Quotations are an important part of Latin entries. They prove that the word was in existence at some point in time, point to the time periods during which a word sense was active, and hint at usage rules (e.g. does that verb take an accusative or a dative?)

Quotations should not be made up. We strive to document the Latin language, not add to it. Find a quotation that uses any sense and any inflection of the word, and reproduce it in the definition section at the appropriate word sense. Be sure to include a translation into English.

Good sources of quotations are:

  • Lewis and Short's A Latin Dictionary online at Perseus. Note that L&S tend to modify the inflection of the word from the actual quote, and do not include the full quote. Find the full quote in the stated source and use that.
  • Google Books. Restrict your searches by selecting Free Google eBooks and change the time period to end at 1500. If you find no suitable books, increase the ending period by 100 years until you reach 1900. After that, assume your search was unsuccessful, and try a different inflection.
  • Google Search. Sometimes this comes up with gems.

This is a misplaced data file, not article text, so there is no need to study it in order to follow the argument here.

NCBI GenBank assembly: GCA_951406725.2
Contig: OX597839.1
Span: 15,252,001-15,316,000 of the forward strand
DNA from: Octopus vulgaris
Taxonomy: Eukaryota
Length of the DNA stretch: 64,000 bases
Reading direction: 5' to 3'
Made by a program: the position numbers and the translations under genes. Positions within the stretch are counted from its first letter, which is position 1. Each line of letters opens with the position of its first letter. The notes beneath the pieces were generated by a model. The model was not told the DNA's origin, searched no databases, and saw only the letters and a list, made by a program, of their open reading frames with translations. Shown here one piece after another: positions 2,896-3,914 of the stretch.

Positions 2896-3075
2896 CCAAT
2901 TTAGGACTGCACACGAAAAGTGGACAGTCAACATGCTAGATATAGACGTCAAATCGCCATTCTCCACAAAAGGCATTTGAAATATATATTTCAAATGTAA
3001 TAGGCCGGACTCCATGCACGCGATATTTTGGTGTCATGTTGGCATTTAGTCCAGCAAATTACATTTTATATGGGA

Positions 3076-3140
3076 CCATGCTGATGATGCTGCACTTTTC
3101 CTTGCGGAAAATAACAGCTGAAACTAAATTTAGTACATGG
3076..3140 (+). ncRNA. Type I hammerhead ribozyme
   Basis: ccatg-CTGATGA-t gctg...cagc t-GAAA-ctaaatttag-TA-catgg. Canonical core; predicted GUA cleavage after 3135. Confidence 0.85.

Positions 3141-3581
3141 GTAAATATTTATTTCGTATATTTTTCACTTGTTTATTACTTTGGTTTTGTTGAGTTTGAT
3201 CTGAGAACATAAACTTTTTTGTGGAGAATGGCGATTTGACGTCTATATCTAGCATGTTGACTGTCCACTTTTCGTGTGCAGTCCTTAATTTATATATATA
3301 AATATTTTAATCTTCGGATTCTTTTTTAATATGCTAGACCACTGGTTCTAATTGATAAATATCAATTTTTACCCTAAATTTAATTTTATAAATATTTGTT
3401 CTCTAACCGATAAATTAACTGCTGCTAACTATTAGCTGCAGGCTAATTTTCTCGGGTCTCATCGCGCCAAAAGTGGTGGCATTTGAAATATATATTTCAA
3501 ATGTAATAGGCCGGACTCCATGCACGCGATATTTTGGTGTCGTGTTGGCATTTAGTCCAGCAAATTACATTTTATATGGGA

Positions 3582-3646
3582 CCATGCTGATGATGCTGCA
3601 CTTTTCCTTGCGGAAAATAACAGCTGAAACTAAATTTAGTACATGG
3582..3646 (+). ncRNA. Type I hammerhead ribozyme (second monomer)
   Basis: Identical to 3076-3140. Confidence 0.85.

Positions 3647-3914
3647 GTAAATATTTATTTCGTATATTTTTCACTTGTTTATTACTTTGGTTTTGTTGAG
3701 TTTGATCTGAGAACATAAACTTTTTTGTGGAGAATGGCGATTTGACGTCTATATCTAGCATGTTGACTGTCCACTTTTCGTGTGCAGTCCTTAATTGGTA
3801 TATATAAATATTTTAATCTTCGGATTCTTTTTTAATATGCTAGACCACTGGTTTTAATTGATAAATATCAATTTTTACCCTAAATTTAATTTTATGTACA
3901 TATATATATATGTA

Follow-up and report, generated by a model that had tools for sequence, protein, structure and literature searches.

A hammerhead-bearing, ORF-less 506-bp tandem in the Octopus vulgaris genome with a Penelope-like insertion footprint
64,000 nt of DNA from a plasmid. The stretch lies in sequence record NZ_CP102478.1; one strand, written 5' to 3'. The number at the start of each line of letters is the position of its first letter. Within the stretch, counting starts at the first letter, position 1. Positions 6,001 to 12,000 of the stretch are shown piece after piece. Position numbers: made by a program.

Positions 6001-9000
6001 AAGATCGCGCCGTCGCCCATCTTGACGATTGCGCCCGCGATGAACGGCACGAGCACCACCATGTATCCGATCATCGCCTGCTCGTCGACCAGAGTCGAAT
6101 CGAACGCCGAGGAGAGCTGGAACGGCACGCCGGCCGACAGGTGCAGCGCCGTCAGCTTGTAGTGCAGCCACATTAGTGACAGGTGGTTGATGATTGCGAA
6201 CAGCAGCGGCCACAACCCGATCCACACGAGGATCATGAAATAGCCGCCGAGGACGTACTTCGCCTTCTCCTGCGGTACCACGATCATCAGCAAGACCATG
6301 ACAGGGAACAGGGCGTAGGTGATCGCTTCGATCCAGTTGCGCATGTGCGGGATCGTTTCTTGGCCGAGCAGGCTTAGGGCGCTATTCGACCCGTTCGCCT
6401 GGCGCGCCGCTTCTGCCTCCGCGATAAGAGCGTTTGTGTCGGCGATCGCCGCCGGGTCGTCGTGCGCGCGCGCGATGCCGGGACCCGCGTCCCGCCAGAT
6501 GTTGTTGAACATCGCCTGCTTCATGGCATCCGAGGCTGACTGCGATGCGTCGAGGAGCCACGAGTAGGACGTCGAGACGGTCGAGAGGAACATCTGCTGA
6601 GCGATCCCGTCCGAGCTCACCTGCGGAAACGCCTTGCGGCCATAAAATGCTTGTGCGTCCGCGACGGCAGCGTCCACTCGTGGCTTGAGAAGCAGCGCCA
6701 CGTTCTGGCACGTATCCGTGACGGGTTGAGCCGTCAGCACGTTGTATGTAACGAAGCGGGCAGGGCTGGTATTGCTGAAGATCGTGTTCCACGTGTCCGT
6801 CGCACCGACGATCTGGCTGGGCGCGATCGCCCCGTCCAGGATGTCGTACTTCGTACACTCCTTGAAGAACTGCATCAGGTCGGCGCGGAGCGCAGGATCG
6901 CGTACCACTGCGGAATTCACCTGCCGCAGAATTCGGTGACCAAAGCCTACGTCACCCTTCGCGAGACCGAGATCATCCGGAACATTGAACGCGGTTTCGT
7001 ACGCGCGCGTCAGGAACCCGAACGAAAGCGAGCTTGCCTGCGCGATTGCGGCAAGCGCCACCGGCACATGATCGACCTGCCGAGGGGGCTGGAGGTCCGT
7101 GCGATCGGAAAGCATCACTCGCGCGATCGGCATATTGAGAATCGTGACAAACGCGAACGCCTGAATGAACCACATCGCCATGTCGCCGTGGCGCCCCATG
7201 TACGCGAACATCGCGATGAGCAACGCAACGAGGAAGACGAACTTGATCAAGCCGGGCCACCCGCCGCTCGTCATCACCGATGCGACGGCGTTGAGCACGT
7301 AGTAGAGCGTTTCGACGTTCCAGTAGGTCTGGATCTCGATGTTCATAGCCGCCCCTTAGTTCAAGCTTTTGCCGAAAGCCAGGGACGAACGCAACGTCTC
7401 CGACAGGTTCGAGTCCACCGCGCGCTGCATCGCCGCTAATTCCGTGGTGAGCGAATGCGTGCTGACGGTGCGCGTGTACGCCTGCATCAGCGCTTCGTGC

Determine the original year of writing for the quote. For example, a book from 1750 reproducing the words of Vitruvius should not be quoted as being from 1750, but rather "prior to 15 BCE". Quotes from Virgil are particularly important to get right, since writers might pepper their works with quotes from Virgil ("as the Poet says...") Find the original year of writing, attribute the quote to Virgil, find the name of Virgil's work that includes the quote, and whatever section information is necessary to find the quote. The exception, however, is works translated into Latin (for example, from Greek). In this case, indicate the original author, include "tr. by" and the translating author, and use the date of the translation, not of the original work.

If you can link the writer to a page on Wikipedia, do so using [[w:Wikipedia Entry|]]. If you can link the source to a page on la.wikisource.org, then do so using [[:la:s:Page Name|Name of Work]].

If you plan to use the same source over and over, consider writing a template following the pattern in {{RQ:Caesar Bello Gallico}}. Existing templates for Latin sources can be found at Category:Latin quotation templates.

In the Latin quote, adhere to the following orthographic rules:

  • Do not use the ligatures æ or œ. Instead, use ae and oe.
  • Do not use the letter j. Instead, use the letter i.
  • Do not use mācrōns or brěvěs.